Marcus Hook’s Surrey CCC column: Moriarty’s lack of contribution with the bat helped limit his Oval opportunities

Before the Hundred came along, Surrey reached three consecutive 50-over Lord’s finals. Even though they lost all of them, the Oval outfit had a reputation for being a one-day powerhouse

I was reminded of it after the 10-wicket mauling Lancashire dished out at Guildford last week, when Alec Stewart’s post-match assessment was similar to his comments following the second of those Lord’s finals, against Warwickshire in 2016, which the former England captain described as like finishing third in a two-horse race.

Perhaps it was fitting that the only bowler to take a wicket for Surrey in the two Metro Bank matches at Guildford was Dan Moriarty, who has just signed a three-year contract with Yorkshire and will be off at the end of a season in which, yet again, the 24-year-old has become a peripheral figure.

Four summers ago, someone who gets along to a fair amount of second 11 cricket said to me: “I’ve just seen a spinner who’ll be a regular for Surrey in years to come. His name is Moriarty.”

Dan was an unknown quantity. He was just starting to make waves for South Africa U19s when his family returned to England. But during the curtailed first summer of Covid, in 2020, he broke into the Surrey’s four-day side – taking 17 wickets at just 20.11 in two appearances – and was integral to the South Londoners reaching the final of the T20 Blast the same year.

Jamie Overton also made his Surrey debut in 2020 – after nine seasons with Somerset – and it soon became apparent the Oval outfit had acquired more than just a fast bowler. Overton also brought dynamism to the South Londoners’ lower order with the bat.

Perversely, it was signings like Jordan Clark, a seamer, in 2019, and Overton’s that meant Moriarty’s chances would be few and far between.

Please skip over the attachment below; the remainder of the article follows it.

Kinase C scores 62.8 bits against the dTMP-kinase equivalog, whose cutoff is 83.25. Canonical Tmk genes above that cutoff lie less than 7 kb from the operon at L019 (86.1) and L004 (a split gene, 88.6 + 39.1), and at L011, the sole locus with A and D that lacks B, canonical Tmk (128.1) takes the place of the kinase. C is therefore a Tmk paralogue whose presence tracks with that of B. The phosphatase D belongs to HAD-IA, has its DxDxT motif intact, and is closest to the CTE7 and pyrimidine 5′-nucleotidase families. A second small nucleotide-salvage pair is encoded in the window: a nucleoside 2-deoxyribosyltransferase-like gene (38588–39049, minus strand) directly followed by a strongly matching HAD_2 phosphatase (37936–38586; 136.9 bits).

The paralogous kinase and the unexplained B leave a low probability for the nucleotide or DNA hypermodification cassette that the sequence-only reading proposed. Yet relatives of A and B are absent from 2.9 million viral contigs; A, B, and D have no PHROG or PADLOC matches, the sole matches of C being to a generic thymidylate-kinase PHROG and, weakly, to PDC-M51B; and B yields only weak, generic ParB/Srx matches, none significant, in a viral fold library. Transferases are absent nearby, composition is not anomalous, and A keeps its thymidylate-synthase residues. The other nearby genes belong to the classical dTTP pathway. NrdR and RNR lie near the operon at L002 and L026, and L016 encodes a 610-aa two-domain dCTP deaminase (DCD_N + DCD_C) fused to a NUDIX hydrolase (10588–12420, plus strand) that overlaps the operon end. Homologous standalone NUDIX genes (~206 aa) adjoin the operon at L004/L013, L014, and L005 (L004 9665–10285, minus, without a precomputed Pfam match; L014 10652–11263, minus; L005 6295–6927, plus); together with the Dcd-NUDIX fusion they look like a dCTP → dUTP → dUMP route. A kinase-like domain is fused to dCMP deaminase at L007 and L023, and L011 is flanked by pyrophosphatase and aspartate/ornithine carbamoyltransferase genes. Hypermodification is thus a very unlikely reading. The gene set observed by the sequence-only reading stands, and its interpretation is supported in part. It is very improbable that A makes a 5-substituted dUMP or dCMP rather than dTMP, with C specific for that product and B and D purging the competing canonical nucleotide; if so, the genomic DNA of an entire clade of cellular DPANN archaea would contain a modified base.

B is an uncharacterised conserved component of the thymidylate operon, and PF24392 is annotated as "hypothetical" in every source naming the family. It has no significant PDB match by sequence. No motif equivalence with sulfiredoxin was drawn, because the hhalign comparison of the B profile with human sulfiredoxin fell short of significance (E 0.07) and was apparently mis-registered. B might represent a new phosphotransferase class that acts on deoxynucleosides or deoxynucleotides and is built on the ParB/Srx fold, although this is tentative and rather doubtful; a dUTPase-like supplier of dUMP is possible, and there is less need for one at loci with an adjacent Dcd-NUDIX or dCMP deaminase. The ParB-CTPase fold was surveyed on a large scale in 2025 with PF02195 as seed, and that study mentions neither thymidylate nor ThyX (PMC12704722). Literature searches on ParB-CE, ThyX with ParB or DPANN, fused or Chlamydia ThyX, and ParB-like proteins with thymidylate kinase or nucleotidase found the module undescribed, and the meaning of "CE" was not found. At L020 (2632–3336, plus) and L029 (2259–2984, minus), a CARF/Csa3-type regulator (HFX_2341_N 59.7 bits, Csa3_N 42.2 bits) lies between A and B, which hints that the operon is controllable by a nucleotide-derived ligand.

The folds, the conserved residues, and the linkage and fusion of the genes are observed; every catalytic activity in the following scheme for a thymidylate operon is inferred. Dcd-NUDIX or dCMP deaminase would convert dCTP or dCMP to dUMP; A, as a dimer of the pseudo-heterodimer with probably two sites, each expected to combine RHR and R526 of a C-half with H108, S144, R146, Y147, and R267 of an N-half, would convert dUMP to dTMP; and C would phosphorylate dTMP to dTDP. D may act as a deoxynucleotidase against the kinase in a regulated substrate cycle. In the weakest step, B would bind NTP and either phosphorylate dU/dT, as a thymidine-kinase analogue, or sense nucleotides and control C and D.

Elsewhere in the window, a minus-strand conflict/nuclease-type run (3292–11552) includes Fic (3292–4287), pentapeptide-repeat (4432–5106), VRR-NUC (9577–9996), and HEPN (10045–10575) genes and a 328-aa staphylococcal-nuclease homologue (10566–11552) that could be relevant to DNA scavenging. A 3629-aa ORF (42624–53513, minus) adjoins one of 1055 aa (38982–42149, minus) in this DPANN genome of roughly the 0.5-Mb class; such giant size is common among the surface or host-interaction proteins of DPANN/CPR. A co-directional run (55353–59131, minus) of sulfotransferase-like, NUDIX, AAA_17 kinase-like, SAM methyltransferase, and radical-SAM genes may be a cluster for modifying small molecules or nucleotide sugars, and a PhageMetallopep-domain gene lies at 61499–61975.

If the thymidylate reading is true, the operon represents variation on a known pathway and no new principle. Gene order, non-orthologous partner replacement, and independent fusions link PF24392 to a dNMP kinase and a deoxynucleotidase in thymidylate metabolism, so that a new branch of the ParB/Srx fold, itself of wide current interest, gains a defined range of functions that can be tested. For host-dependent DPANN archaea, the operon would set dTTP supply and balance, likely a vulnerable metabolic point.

More than ever before, bowlers also need to be capable with willow in hand. Clark averages 28 with the bat in first-class cricket and Overton 22. Moriarty averages just nine, as does off-spinner Amar Virdi, whose career also appears to be at a crossroads despite being an ever-present when Surrey won the County Championship five years ago.

“It’s always disappointing when a player chooses to leave Surrey to go to another county,” said Stewart upon the announcement of Moriarty’s departure. “After numerous conversations with Mozza, I fully understand and respect the tough decision he has taken.

“He feels he will get more opportunities at Yorkshire to further his own career ambitions and I wish him well and thank him for the contributions he has given to Surrey.”

No county has seen as large a proportion of its players lost to The Hundred in recent summers, rendering Surrey ‘also rans’ in the 50-over one-day cup, which runs in parallel, even before a ball was bowled.

In this year’s Metro Bank, they were forced to turn to the likes of Luke Griffiths, a 17-year-old seamer, and Tommy Ealham, a 19-year-old off-spinning all-rounder just to get an 11 out on to the park.

The most disappointing aspect of Surrey’s dreadful one-day cup campaign was that despite occupying the same group as Hampshire (who lost 10 players to The Hundred), Lancashire (who lost seven), Notts (also seven) and Yorkshire (nine) the only one they took advantage of was Notts – and that was all down to Moriarty’s extraordinary three wickets in four balls at Welbeck, which must be a contender for champagne moment of the season.


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